Or in plain language: what are 4G speeds on LTE networks which started to come online in Canada in 2012 going to enable for theatre goers and dance attendees as well as presenters and producing companies?
During the first year of conducting Value of Presenting workshops there was little appetite to consider anything but the utility of social media in selling tickets. A breakthrough happened at the CAPACOA conference in January 2013 and now it feels like more and more presenters are beginning to see that web-based mobile technologies are going to create leaps in value for audiences and perhaps artists, producers and presenters. We presented at the Creative City Summit in Ottawa in May 2013 what we found out from Canadians and presenters about their use and attitudes to digital technologies and how Canadians’ views of what “live” means to them might be evolving.
At APAP|NYC we presented on this topic (PDF) this month as well and just last week the 2014 CAPAOCA conference featured a successful workshop with presenters on the opportunities, the values of both streamed and live experiences, facilitated by Frederic Julien from CAPACOA.
Watch this Youtube video by Alcatel-Lucent which was created in 2009 (!) to demonstrate their technology vision and emerging capabilities. The final minute shows a vision of a performing arts experience, begging for a presenting business model!
What will the successful strategic move look like?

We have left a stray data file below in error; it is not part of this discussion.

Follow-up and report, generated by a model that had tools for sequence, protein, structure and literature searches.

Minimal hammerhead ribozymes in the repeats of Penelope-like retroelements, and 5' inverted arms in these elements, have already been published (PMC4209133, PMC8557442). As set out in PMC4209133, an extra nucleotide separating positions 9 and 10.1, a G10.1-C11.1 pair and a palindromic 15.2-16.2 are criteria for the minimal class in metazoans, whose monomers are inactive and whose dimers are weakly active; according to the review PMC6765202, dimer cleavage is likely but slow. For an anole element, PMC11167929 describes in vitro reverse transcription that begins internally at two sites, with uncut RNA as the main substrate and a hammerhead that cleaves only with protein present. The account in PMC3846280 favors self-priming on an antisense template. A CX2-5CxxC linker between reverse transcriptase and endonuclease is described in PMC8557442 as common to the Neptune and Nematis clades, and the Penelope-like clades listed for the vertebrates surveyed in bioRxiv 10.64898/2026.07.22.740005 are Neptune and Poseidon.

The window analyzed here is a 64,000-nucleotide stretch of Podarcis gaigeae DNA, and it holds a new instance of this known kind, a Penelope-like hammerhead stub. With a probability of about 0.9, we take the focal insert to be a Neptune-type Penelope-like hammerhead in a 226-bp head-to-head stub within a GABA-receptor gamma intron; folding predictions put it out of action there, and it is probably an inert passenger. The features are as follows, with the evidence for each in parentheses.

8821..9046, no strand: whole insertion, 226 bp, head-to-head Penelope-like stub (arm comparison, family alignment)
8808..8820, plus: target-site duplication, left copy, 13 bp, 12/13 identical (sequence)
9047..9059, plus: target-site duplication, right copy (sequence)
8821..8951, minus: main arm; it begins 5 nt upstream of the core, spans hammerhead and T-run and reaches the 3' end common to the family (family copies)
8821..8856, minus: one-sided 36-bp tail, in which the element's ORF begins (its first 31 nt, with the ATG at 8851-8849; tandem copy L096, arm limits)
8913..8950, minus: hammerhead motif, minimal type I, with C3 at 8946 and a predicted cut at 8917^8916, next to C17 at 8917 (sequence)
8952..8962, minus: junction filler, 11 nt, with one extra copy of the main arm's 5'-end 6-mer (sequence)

Over the last few months I’ve worked with a team from Banfield-Seguin on the City of Cornwall Economic Development Department’s rebranding and business / resident attraction programs.
We gained a great deal of insight from the research process, where we talked to a lot of people in Cornwall about Cornwall, conducted a review of economic development success stories as well as a reputation assessment based on news media and web coverage. Based on the findings, we felt that the next strategic move would be to give the people in Cornwall even more of a voice in shaping the city’s new brand story. We thought the benefits of that approach would be considerable: we would shift perceptions about Cornwall, earn the residents’ trust in the work, make it real and foster buy in to the process and its outcomes.
In close collaboration with the team, we came up with the It’s My Cornwall contest. With great local media support, and direct, on-the-ground engagement, for instance through a day at the mall to solicit on-the-spot video and audio submissions, we got more than 130 entries in 19 days. Then we short-listed the 20 best entries, and promoted voting: 5,071 votes were cast.
The energy and enthusiam generated was palpable. We even got CTV Ottawa coverage for this initiative. All that bodes well for the next steps in rebranding and marketing Cornwall.